If there is anything that I am forced to say about Adrian Despot, the frontman of Vita de Vie, is that he is a true artist. The concert tonight was spot on, even if I am not a fan of the band. The guest bands were pretty good, too, but I have to admit that for most of them I was waiting for them to stop playing so I can listen to the great playlist from DJ Hefe. The audience was really mixed, ranging from little kids to old people. It felt great to see all these people singing along and reliving some of the greatest hits of the band.

I started watching the concert online. It was kind of extreme to go there at 16:00 and stay until 23:00, especially since I was worried about the food/drink/toilet situation and there was an afterparty as well. I have to say that all my worries were for naught. Really decent access to the food and drink stands and there was no queue at the toilets outside. Of course, the drinks and food were shitty and overpriced, but that was to be expected. It also was a really wonderful thing to stand in the middle of a crowd of people and not feel like I was smoking a cigar. The law against smoking in public places has finally reached Romania so it felt really wonderful.

By the time we got to the concert hall - umm, heated tent, but it was better than it sounds - the last band before Vita de Vie was playing, the rather good Relative, from Cluj. Energetic, professional, kind of bad public speakers, but they have time to improve. They were pretty emotional about their first venue in Bucharest and performing before so many people, so they were sweet. Then the main show started, with light shows, projections and a volume that felt like twice as loud as the bands before. My ears are still ringing.

Unfortunately something happened that ruined my evening, so I went home after the concert, rather than go to the after-party at Fabrica. I wish I was in the mood for that, but well, shit happens. So yeah, the show was great, the music pretty good - although I felt like the band would have done a better job with another lead singer :) The point is that Vita de Vie, like any other band - let's be honest, is a project. Individual people don't count unless they push the project further, make it better somehow. Adi Despot made that obvious when he called the previous members of the band to play some songs, as well as some collaborators in sideprojects started by current members of the band. Like him or not, he did bring showmanship to the project and he deserves to be the frontman.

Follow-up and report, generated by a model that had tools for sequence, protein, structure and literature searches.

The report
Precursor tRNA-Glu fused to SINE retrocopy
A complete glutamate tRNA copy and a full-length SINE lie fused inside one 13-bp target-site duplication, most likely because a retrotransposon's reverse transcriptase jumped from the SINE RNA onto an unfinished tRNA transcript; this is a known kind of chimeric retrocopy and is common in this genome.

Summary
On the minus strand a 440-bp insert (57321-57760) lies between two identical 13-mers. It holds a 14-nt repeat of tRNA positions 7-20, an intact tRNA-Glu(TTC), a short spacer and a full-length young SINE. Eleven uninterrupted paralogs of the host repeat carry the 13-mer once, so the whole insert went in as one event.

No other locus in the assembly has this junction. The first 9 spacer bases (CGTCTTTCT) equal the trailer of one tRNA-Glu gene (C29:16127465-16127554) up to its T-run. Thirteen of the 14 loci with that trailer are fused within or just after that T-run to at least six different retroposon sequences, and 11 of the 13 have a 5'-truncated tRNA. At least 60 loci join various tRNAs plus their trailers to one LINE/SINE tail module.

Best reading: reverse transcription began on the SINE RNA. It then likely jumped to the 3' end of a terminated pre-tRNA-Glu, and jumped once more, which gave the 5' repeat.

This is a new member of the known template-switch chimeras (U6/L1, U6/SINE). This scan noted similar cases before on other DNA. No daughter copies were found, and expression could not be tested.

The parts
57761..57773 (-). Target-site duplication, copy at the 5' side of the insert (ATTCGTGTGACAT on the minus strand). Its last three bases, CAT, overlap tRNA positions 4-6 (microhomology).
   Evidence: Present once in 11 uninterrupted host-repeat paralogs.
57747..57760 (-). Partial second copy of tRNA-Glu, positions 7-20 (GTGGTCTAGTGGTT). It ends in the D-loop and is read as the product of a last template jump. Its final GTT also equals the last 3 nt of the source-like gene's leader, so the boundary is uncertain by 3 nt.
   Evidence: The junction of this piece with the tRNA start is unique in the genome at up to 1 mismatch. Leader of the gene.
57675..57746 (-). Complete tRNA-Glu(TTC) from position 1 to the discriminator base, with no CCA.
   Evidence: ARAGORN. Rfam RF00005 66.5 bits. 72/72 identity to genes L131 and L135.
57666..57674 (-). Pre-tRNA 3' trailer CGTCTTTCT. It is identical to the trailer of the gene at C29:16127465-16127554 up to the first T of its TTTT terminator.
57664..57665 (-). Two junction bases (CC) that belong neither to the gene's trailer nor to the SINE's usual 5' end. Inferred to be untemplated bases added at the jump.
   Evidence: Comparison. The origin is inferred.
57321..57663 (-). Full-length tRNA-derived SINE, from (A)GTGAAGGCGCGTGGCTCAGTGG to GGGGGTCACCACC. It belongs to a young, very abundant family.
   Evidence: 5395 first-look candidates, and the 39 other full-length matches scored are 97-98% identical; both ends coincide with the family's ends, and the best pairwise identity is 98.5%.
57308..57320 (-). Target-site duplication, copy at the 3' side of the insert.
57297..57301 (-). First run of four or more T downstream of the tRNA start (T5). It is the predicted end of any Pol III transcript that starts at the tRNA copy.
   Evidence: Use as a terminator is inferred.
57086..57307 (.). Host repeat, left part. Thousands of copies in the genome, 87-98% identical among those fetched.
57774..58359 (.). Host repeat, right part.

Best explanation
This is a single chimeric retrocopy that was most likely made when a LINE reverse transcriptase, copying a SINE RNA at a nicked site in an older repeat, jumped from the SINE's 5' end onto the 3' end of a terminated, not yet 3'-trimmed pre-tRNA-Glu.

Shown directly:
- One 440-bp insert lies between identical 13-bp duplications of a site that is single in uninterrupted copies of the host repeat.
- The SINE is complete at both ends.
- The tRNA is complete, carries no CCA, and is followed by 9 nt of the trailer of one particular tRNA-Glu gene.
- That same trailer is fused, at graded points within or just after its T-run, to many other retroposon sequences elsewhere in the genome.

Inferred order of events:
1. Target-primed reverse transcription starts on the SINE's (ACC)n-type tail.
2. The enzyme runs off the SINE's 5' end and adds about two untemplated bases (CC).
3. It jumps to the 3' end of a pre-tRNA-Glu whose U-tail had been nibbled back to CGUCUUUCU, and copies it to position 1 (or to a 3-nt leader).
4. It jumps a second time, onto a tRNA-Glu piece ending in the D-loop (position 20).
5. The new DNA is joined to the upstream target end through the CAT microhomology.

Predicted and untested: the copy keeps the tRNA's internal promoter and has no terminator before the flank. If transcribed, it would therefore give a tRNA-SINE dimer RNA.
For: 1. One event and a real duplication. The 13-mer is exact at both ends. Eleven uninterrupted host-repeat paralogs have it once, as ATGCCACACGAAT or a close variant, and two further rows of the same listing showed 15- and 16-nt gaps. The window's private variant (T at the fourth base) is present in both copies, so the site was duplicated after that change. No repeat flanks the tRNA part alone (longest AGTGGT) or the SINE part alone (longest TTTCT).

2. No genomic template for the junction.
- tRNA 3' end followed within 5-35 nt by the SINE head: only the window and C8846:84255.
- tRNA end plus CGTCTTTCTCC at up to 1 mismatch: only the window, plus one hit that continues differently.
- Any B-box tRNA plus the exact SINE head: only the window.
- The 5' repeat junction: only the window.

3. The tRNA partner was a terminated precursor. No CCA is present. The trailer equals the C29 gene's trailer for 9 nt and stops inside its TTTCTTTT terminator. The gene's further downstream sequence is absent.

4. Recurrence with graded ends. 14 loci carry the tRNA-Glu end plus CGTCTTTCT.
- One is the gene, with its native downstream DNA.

Bottom line, I was impressed by the way the concert was organized (I am used to those really bad things where people just stand brushing against each other, suffocating in smoky improperly ventilated places, trying their best not to slip into the beer and piss left by people who couldn't get fast enough to the few malfunctioning toilets provided). I was also impressed with the guest bands, doing a really professional job, even if they have a lot to learn still.

You might be interested in the Facebook link of the event.

On the 9th of February I basically held the same talk I did at Impact Hub, only I did better, and this time presented to the ADCES group. Unbeknownst to me, my colleague there Andrei Rînea also held a similar presentation with the same organization, more than two years ago, and it is quite difficult to assume that I was not inspired by it when one notices how similar they really were :) Anyway, that means there is no way people can say they didn't get it, now! Here is his blog entry about that presentation: Bing it on, Reactive Extensions! – story, code and slides

The code, as well as a RevealJS slideshow that I didn't use the first time, can be found at Github. I also added a Javascript implementation of the same concept, using a Wikipedia service instead - since DictService doesn't support JSON.